Chap. 3.5 Automated Screening


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Guidelines Chap. 3.5

24.April 2003


Chap. 3.5

Automated Screening

(of Chap. 3: Methods and Techniques of Cervical Screening)

by Pekka Nieminen (
), 1 page

Automation assisted screening methods are developed to:

increase sensitivity and specificity of pap
smear screeni

decrease the workload of cytotechnicians and cytopathologists

decrease the cost of the screening programmes

finally decrease the incidence and mortality of cervical cancer

Automated screening devices have been developed from the beginning of 1990´s a
nd they have been
commercially available from mid 90´s. Systems have been either interactive (Papnet®) or selective” systems
(AutoPap/FocalPoint®). Also new devices are emerging based on liquid pap systems. The technology has been
using either neural ne
twork or algorithmic data processing.

Automation assisted screening is aimed to increase sensitivity and specificity by finding e.g. small atypical
cells, known to be very difficult to find in conventional screening. These include both squamous and glandu
cells. The performance of screening is designed to increase by excluding part of the slides from manual
screening or by enriching the most atypical cells to images or to be studied by the microscope.

By enhancing the effectiveness of the screening wor
k, automation is thought to allow more slides to be
screened by the same staff. This would be an advantage, because in many countries there is a severe shortage of
cytotechnicians. As part of these automated devises are capable to process either conventi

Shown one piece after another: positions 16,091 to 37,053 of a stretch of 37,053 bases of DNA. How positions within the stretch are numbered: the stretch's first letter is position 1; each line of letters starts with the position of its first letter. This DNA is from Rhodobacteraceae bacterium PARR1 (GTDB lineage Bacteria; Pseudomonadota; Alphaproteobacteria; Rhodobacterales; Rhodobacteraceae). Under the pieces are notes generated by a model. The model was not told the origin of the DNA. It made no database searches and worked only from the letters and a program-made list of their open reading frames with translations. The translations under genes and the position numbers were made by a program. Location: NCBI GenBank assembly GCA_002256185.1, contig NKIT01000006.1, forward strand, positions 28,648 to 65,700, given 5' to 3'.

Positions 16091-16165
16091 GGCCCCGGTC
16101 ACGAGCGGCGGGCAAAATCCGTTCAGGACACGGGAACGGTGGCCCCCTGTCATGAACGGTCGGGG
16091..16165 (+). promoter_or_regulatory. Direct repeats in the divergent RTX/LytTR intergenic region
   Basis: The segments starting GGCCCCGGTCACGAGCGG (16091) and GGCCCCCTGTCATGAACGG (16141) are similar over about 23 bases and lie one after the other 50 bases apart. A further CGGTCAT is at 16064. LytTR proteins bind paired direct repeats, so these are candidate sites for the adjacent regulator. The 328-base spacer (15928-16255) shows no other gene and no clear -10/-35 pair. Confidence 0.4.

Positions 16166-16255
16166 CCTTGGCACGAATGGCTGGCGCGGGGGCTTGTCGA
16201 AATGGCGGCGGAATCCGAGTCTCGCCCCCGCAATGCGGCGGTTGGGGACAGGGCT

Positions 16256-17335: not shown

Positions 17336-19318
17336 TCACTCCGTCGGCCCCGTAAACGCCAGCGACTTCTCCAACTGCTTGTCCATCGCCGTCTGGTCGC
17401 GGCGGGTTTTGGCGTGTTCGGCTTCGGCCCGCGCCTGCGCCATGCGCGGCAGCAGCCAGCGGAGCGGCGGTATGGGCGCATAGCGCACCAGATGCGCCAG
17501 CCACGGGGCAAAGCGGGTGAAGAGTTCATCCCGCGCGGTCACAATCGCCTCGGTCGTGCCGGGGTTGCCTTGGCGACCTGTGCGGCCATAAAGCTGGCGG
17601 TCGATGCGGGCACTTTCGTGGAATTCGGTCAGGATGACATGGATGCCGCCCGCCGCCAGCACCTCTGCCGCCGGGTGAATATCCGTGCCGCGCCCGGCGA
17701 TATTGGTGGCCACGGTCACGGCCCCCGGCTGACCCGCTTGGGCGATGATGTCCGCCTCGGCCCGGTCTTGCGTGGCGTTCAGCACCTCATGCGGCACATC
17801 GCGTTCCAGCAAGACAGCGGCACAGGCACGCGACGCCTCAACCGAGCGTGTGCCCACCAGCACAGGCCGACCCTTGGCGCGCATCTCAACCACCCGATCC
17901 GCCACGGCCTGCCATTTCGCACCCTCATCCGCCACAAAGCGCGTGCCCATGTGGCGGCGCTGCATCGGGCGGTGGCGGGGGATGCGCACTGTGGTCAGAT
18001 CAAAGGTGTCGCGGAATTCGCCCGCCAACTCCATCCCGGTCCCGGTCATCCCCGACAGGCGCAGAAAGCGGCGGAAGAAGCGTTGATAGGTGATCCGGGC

onal or liquid based
smears, it allows them to be used in different kinds of screening programmes.

There are several articles published concerning the performance of automation assisted screening. They
show generally a better sensitivity with al least sam
e specificity than conventional screening. Most of these
articles have been retrospective (quality control) and/or relatively small numbers of smears have been studied.
However, randomised, prospective public health trials in primary screening setting ha
ve been published very
few. The show equal or slightly better performance compared to manual conventional screening.

The technological development is very rapid in this branch. New technology is emerging and some of the
older models and devices are not a
nymore commercially available. However, automation is inevitably coming
to the screening programmes, using interactive or other protocols.

When implementing the new methods, it is needed to carefully ascertain and evaluate the performance of
the method in

primary (public health) screening up to the final invasive end points with randomised prospective
studies. Thus it is important to organise the trials in such a way that the technology studied can be used for
several years in the trial, irrespective of i
ts commercial availability.



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